We observed that the Hall Sun is the child of Thiodolf and the Wood Sun, and Angela noted that Tolkien’s Elves don’t marry in time of war, or have children at such times.

Laura remarked that although Tolkien’s life spanned the late Victorian, Edwardian and mid-twentieth centuries, he was a Roman Catholic and so he would have understood the concept of sexual abstinence. In comparison, although Morris was born and lived in the repressive Victorian era, he was also part of the pre-raphaelite circle among whom there was a degree of sexual freedom that was extraordinary for its time. Ian noted that Morris lived in a world with servants, as did Tolkien, but in Tolkien’s time that world was falling away and individuality was growing.

Ian observed that for both Tolkien and Morris the underlying structures of the societies in which they grew up and worked had some similarities and although Tolkien was brought up in religious morality, both lived in societies that saw the awakening of new attitudes. Both men rejected industrialization but in different ways. In their writing, Morris’s Wolfings is more stratified, using an historical elements with the addition of a mythological dimension. Tolkien’s writing, on the other hand, is more complex, a more subtle blending of history and myth.

Laura remarked that Morris was writing a story but Tolkien was writing a whole world mythology, and Chris commented that Morris bases his story on real facts.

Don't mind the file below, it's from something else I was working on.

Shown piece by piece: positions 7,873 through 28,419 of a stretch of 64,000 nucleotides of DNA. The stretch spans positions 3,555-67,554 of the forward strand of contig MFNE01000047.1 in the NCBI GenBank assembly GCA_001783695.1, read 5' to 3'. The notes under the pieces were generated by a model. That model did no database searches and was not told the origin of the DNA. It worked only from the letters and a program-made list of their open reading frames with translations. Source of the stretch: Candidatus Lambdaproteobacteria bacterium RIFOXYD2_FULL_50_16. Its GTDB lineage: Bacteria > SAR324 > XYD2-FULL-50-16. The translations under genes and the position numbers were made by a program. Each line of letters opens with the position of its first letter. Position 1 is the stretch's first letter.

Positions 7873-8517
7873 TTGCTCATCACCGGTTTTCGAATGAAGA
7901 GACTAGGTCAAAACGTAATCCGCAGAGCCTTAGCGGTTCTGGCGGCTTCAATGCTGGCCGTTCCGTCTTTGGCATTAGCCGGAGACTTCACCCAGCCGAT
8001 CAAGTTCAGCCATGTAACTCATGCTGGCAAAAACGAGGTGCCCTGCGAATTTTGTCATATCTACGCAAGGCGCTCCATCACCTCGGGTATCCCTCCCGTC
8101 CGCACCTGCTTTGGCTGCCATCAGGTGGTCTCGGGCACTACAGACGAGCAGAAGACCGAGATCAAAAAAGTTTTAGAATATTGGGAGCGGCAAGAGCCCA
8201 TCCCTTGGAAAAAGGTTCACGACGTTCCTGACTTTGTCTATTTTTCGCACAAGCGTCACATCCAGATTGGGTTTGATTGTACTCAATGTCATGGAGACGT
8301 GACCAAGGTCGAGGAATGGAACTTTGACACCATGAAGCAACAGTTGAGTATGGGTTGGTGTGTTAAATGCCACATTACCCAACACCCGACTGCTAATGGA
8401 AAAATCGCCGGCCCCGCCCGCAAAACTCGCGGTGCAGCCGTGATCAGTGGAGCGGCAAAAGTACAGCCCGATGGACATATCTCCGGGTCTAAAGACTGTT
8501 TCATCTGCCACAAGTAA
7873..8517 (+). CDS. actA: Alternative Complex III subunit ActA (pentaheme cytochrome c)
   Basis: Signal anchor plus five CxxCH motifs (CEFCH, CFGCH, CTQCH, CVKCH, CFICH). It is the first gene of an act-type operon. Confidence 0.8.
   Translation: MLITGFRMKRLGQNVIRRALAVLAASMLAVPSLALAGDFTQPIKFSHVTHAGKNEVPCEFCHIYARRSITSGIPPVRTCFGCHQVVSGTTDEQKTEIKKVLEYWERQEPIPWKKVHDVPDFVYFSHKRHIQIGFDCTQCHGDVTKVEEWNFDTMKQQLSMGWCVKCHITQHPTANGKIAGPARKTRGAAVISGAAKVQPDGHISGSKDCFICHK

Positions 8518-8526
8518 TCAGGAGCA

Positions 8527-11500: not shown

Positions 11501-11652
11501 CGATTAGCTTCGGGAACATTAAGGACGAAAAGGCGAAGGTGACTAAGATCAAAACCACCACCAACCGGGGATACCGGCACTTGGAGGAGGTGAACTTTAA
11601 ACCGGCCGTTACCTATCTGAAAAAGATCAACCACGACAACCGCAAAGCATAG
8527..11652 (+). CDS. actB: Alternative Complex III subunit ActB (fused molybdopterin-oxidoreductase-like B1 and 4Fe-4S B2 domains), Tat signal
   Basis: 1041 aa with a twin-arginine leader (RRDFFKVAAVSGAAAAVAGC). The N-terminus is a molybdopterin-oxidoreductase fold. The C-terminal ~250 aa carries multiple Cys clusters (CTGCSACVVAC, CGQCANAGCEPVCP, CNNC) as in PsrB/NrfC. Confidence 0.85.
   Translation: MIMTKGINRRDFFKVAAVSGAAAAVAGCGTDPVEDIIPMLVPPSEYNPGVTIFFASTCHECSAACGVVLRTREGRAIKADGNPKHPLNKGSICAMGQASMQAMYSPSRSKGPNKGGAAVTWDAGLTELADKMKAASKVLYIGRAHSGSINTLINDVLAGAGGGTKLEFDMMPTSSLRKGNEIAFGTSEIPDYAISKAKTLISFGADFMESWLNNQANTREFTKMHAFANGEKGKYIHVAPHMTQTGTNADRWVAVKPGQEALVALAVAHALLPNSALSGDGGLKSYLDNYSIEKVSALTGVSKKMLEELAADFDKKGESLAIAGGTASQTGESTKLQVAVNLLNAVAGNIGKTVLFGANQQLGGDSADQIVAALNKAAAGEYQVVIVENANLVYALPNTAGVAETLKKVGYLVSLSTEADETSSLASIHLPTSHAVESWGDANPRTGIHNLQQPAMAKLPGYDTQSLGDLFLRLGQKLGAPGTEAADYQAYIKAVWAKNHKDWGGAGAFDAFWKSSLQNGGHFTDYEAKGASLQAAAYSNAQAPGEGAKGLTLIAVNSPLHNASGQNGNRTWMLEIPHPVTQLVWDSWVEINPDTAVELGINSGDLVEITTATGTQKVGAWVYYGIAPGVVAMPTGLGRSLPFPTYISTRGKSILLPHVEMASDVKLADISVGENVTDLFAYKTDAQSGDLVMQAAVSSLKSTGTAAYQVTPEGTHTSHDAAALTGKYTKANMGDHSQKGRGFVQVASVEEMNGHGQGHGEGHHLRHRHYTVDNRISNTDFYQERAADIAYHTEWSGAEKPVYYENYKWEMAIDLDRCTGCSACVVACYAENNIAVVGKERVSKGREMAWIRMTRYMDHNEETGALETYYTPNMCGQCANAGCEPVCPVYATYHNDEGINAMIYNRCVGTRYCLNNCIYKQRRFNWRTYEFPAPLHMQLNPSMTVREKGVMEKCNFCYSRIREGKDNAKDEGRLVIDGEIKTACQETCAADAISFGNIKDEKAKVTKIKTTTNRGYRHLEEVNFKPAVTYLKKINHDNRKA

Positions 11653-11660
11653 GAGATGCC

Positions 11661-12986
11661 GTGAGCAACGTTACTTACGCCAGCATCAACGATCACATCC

Ian proposed that Tolkien in his academic capacity was committing heresy by creating languages because he was a professional philologist. His work is immersive, and he opened up the world to fantasy fiction, but Morris shows the use of history and myth before that.

Laura observed that Tolkien switched from Classics to Germanic studies early in his time as an undergraduate at Oxford, but she drew our attention to Morris’s use of many Middle English words as well as an unusual dialect word in the phrase ‘doddered oak’. This, she discovered, is a dialect form meaning ‘shattered’, ‘decayed’, and is related to ‘doddering’. It did not necessarily have the sense of walking unsteadily on account of decrepitude, because upon consulting Alfred Watkins, The Old Straight Track Laura found the idea that very ancient trackways had been laid out by ‘dodmen’ using sighting poles such as those depicted in the hands of the Long Man of Wilmington chalk hill figure in Sussex.We noted in passing that ‘dodman’ had become a dialect term for a snail.

On that suitably philological note we ended our meeting, agreeing that those of us who can make it will go and see the Tolkien film on the afternoon of our next meeting, and that at our last meeting in May we will begin reading The Hobbit.

First in April


We were almost all back this afternoon, although we missed Julie, as we dealt first with Chris’s monumental compilation of all the blogs complete with rolling Index. Having offered some feedback, we then moved on to pick up our discussion left over from the end of February on matters such as the character of Otter, the treatment of horses, and the matter of weapons. Carol had sent comments which are added mainly after the main blog.

Laura began our discussions of appointed topics by outlining the resonance of Morris’s the use of the name ‘Otter’. Laura reminded us that a character named Otter appears in the Nieblungenlied. He is killed by Loki who takes the Otter skin for nefarious purposes. C.S. Lewis also makes use of the form in his space fiction story Out of the Silent Planet where the ‘hrossa’ are Martians with Otter-like characteristics. Laura also pointed out that Otter belongs to the House of the Laxings and lax is the Old English for salmon, and otters eat salmon.